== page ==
In the Report, Forrester Research also gave RPost high scores (4 out of 5 possible) for
1. E-Signature Capture technology,
2. Global Support, and
3. Overall Strategy.
The Forrester Wave™: E-Signatures, Q2 2013 report cites, "strong performers have well-balanced offerings — in some cases they are focused on specific use cases or geographic areas, or they offer lower cost options."
The Report continues, “RPost stems from a secure e-delivery space. Although it provides web-centric e-sign services, RPost, unlike most reviewed vendors, has focused on email-centric e-sign services. Using email in the signoff process, users do not have any interaction with a website to sign the document, and senders can automate sending from legacy and custom business applications by simply configuring the recipient signer email address to route via RPost. RPost has offered services since 2000 and has enterprise customers that have used RPost services continuously since 2003. It provides e-signature as part of a Registered Email service offering, which includes services to track, prove, sign, and encrypt high-value messages and documents. RPost has been extending its vision beyond email, as more business will be conducted through file-share and collaboration services or interactive sites."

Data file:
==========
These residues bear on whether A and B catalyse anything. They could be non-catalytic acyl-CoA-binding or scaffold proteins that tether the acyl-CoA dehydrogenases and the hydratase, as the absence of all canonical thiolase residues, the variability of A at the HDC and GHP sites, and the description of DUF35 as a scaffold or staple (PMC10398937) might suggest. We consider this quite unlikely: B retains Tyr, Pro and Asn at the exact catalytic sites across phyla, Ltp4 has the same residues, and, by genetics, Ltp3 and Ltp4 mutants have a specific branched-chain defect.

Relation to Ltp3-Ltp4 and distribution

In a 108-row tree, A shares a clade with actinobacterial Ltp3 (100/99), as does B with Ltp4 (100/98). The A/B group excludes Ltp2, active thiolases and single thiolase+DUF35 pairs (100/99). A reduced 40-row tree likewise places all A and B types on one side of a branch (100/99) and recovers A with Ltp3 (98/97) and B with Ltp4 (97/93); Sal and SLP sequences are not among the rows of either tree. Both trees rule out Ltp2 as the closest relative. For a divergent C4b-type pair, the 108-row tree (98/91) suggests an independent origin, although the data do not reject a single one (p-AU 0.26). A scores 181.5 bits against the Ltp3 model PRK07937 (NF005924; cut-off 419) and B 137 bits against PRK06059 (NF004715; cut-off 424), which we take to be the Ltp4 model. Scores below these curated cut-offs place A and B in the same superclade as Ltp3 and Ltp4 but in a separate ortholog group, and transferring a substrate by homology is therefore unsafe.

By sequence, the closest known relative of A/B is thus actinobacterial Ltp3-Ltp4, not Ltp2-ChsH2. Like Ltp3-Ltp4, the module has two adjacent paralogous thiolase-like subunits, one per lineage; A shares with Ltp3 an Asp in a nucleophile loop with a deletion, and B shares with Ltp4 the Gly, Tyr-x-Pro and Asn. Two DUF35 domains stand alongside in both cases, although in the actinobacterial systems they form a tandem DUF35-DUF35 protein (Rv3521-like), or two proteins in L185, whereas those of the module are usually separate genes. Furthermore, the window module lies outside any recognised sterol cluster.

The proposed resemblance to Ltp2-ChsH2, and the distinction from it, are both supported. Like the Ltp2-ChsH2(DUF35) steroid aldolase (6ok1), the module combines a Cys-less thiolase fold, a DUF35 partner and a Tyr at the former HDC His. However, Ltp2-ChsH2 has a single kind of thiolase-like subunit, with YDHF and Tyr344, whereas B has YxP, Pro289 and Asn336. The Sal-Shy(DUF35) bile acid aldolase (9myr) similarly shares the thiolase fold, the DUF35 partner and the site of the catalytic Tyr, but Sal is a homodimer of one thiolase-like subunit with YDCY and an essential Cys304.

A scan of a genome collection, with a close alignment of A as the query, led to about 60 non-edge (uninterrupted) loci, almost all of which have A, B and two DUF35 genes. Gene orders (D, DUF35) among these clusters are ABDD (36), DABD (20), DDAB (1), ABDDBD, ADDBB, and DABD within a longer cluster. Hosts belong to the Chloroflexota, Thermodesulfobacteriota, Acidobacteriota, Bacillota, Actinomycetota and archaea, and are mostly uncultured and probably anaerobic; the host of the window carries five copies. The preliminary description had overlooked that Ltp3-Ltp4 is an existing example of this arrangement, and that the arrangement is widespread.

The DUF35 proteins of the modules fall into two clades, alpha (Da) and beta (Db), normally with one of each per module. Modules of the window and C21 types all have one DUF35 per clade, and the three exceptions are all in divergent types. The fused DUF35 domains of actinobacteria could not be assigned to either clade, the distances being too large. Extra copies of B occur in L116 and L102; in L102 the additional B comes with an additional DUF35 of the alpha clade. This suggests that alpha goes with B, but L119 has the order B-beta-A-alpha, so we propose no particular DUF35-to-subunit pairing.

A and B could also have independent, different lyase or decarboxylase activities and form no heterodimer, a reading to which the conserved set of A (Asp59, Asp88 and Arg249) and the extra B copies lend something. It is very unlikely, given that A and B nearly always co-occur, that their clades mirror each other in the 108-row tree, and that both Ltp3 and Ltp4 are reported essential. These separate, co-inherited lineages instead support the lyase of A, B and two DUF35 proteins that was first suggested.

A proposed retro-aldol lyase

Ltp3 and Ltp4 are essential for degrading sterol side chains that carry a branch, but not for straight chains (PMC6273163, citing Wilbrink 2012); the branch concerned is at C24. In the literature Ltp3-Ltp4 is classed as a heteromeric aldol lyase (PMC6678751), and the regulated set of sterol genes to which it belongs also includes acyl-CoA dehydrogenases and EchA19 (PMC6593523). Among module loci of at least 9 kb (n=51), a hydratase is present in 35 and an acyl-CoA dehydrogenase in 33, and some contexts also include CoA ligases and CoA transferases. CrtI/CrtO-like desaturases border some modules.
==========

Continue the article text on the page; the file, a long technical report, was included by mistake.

RPost customers have relied on its services for critical business processes for more than 10 years. RPost e-signature customers are among the largest companies in the world, with thousands of small business customers enjoying the simplicity of use of RPost services. In RPost's 2012 year end survey, RPost's users reported using RPost's e-signature services in the following industries: Insurance, Financial Services, Law, Health Care, Telecom and IT, Automotive, Construction, Marketing, Manufacturing, Real Estate, Engineering, Defense/Military, and Mining; with the majority of use in the United States, but also use in Latin America, Europe (including UK and Continental), Asia (including China and Russia), Africa, and Australia.